This gave me a lot more trouble than expected, so I thought I'd work through it here for reference. The easiest way is to differentiate the answer. Let:

The trick is to notice that when we find the common denominator for the part at the far right and then add the terms, we generate the denominator of the part to the left.

The integrand is normally written more generally as:

and that doesn't change anything.

The forward version starts with a trigonometric substitution.

Remembering that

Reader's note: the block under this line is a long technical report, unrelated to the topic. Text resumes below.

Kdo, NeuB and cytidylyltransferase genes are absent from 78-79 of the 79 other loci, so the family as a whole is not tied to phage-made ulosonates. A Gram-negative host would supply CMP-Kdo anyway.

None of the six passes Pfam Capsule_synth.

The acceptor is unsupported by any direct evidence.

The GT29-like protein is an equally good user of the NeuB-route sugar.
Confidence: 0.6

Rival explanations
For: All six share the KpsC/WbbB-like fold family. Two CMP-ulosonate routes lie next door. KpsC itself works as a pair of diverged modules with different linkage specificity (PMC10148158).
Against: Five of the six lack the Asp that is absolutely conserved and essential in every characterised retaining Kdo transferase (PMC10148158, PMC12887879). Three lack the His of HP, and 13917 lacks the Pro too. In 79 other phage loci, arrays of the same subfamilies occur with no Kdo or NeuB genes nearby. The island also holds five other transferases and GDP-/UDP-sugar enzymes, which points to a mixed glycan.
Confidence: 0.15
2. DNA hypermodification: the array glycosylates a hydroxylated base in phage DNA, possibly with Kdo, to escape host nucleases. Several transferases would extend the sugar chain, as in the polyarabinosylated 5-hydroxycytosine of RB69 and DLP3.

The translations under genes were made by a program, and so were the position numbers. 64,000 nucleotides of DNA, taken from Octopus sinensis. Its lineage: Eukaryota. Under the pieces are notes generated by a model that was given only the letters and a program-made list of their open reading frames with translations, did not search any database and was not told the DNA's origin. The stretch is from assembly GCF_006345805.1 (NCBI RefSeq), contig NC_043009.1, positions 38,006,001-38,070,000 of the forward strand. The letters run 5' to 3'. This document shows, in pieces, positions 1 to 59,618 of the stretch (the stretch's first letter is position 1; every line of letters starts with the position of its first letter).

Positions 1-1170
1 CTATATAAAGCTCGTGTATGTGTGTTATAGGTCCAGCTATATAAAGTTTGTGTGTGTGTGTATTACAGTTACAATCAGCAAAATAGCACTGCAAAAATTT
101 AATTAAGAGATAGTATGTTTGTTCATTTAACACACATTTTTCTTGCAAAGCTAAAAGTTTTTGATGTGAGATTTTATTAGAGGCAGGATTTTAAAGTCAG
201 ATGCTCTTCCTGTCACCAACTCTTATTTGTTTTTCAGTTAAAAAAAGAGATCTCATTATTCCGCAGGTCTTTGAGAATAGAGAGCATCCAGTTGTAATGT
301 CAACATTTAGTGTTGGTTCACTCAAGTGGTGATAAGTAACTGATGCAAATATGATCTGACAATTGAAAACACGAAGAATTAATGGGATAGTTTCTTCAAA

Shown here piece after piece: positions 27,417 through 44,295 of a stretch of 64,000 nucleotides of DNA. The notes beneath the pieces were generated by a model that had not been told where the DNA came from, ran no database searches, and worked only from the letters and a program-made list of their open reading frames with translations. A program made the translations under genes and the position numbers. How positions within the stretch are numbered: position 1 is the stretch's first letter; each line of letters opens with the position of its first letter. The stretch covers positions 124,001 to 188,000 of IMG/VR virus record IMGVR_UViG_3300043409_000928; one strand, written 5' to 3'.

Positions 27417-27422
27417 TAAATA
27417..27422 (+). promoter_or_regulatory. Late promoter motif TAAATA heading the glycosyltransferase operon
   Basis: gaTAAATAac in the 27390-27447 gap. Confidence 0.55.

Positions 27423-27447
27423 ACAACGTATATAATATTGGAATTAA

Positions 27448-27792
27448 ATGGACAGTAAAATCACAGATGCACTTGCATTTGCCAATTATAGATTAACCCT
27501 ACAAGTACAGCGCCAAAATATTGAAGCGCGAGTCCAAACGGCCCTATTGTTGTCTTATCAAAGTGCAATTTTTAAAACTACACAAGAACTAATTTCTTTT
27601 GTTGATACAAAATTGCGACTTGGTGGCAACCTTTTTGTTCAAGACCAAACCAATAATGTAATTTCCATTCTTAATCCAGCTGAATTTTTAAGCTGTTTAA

So

The other part of the integral is:

If we start with the standard identity:

and divide by

`cos`^{2} y

:Thus the integral reduces to:

This small integral is itself a bit tricky. The answer, which I found on a really nice site (here), is to multiply top and bottom by:

If you work through it you'll see that

Thus, this is

As I said, not so easy as other trig substitutions.

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